"It’s having fun with the kooky characters, the clichés, the over-the-top drama of it all," Givhan says. "It’s making fun of people who think they are fashion when it is all too clear that they are not. In essence, the movie makes fun of people who don’t understand fashion, not the ones who do. And with the sequel, the movie has made the industry a co-conspirator in roasting the misguided fashion obsessive."
Critics recently released their reviews of the film and, for the most part, there wasn’t a whole lot of praise getting dished out. The Hollywood Reporter rounded up a sampling of the reactions in a post titled "‘Zoolander 2’ Gets Critically Savaged," and the publication’s own reviewer summed his opinion up by saying, "like a cute little outfit burdened with too many accessories, Zoolander 2 is a victim of overkill."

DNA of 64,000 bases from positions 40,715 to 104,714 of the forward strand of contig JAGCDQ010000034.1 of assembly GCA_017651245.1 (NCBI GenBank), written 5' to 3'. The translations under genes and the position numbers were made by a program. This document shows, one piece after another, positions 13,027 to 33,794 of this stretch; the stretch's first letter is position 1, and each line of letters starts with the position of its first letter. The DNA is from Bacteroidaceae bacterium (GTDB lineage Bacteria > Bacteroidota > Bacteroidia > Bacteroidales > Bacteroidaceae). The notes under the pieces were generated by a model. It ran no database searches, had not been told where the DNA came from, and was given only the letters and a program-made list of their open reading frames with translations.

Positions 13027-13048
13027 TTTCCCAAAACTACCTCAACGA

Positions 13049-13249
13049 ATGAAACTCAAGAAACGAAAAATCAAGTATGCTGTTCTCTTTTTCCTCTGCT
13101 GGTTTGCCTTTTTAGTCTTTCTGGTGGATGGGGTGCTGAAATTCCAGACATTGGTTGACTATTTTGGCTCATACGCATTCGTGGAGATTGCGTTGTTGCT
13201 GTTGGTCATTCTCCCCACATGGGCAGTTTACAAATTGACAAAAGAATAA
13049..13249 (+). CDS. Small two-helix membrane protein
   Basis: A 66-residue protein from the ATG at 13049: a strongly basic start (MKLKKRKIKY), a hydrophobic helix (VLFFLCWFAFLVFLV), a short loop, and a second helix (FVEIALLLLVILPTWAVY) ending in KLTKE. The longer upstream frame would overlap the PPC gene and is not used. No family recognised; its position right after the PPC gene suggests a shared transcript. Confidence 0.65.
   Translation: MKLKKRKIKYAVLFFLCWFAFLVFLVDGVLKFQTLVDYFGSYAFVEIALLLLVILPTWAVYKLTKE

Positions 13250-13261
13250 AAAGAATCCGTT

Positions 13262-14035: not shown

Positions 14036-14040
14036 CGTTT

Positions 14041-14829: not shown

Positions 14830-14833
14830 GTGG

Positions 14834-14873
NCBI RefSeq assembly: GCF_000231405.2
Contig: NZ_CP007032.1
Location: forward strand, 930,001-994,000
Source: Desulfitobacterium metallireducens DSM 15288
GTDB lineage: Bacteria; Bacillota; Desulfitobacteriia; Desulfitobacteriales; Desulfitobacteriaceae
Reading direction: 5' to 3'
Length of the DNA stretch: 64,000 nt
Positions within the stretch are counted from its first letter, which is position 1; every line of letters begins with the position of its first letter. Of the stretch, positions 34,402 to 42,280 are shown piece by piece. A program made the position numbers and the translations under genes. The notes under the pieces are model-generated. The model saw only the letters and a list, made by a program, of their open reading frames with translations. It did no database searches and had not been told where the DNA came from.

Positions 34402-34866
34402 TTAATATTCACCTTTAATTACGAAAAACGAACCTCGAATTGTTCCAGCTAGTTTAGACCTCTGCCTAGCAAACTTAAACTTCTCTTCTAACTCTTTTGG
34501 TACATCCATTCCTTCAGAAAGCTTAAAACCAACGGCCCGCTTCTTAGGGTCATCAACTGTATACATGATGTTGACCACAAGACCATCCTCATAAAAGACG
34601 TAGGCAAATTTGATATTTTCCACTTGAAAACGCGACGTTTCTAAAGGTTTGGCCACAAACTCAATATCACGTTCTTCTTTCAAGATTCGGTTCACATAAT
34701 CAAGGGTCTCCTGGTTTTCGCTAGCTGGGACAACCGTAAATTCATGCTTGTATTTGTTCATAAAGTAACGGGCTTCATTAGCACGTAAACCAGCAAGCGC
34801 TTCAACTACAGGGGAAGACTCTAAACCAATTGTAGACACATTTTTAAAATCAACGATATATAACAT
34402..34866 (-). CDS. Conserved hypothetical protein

Alisha Grauso, editor-at-large for Moviepilot.com, isn’t surprised. She notes that February is typically a slow month for movie releases, although this particular February has been breaking that rule. And, while the fashion industry has been inundated with Zoolander 2 marketing, this weekend’s box office will most likely be ruled by Deadpool, a super-hyped Marvel movie starring Ryan Reynolds.
"We know Ben Stiller comedies aren’t going to be very highbrow," says Grauso. "We don’t want that, we don’t expect that. We want to see him being an idiot as Derek Zoolander with Will Ferrell and all the great comedic timing there. So I think audiences know what they’re going to expect. They’re not going in thinking it’s going to be a complete reinvention of Zoolander, that’s kind of the whole point."